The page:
The benefits to the human body of vitamins—organic compounds organisms need in small amounts for their nutritional value—are well-known today, as demonstrated by the many dietery supplements on the market. In the early 20th century, however, the term "vitamin" had not yet even been coined, and there remained a great deal of mystery surrounding the existence of such compounds.
Japanese researcher Umetaro Suzuki, the father of vitamin research in Japan, was the earliest to identify a vitamin with his discovery in 1910 of aberic acid, today known as vitamin B1. The importance of nutrients in preventing beriberi, a nervous system ailment caused by a deficiency in the vitamin, had been recognized earlier, but Suzuki was the first to isolate B1 as the key nutrient for preventing the disease. Suzuki published his finding in a Japanese journal and patented the invention. For his work, Suzuki was awarded the Culture Order and, later, the First Class Order of the Sacred Treasure by the Emperor.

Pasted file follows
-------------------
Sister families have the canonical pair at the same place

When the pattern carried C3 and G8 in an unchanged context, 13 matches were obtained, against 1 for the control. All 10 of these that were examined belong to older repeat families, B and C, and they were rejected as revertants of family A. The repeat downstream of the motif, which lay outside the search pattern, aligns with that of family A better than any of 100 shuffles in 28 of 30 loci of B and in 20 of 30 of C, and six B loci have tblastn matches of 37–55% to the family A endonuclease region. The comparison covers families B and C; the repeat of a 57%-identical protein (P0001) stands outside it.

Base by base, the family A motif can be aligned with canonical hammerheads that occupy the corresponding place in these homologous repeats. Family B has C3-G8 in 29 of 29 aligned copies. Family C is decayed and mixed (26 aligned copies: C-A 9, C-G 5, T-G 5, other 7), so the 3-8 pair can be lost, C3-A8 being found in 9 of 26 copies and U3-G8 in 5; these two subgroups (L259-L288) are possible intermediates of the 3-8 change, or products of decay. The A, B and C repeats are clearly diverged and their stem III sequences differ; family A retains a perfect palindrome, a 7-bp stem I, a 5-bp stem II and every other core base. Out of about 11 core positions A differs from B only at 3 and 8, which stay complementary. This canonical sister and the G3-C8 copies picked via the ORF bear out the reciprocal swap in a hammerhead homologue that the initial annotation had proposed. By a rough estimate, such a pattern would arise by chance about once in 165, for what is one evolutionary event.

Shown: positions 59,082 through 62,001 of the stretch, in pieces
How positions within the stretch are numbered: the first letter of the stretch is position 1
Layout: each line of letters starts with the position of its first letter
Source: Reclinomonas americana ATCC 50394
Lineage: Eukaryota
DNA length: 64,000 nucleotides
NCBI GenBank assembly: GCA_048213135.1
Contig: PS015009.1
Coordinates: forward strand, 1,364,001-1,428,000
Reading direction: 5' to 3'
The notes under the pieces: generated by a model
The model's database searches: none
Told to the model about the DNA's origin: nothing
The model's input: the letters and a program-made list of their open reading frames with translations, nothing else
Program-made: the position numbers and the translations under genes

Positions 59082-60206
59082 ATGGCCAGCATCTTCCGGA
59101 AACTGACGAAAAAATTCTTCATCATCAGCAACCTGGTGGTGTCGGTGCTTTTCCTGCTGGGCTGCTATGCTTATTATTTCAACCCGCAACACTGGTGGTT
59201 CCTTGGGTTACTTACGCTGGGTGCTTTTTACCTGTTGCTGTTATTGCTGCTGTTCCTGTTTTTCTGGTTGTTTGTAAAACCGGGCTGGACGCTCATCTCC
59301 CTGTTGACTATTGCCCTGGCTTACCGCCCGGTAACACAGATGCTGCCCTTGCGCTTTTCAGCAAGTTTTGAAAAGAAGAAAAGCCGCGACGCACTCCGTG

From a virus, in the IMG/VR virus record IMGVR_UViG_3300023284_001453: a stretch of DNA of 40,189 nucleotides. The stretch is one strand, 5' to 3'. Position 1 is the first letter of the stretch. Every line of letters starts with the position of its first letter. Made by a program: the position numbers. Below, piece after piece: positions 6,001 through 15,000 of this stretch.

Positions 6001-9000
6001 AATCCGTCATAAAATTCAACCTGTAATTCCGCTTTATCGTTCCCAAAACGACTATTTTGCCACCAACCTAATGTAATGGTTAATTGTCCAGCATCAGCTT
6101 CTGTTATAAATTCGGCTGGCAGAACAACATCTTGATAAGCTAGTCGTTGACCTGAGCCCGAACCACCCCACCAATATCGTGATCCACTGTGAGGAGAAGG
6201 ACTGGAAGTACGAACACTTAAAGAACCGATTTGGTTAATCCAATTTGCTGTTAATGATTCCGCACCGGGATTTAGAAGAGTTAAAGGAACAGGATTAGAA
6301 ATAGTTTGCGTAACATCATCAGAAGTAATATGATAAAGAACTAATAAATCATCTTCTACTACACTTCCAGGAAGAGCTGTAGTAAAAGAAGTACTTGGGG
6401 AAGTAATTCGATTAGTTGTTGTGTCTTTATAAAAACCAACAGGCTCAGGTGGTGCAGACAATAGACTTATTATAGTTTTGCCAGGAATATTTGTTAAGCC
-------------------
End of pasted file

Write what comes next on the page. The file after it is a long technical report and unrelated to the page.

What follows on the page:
Suzuki's contribution to vitamin research, however, did not end with B1. Working at RIKEN as Director of the Chemistry Division with his pupil Dr. Katsumi Takahashi, Dr. Suzuki later succeeded in isolating and extracting vitamin A from cod liver oil. He also invented a type of synthetic sake, RIKEN-Shu, which differed from traditional sake in that it was made from materials other than rice and needed no preservatives. The patenting of these and other inventions sparked a vitamin boom in Japan, generated enough income to support all of RIKEN, and led to the establishment of RIKEN Vitamin, Ltd. Co., a company which still exists today. With all his contributions, Umetaro Suzuki laid the foundations for vitamin research in Japan.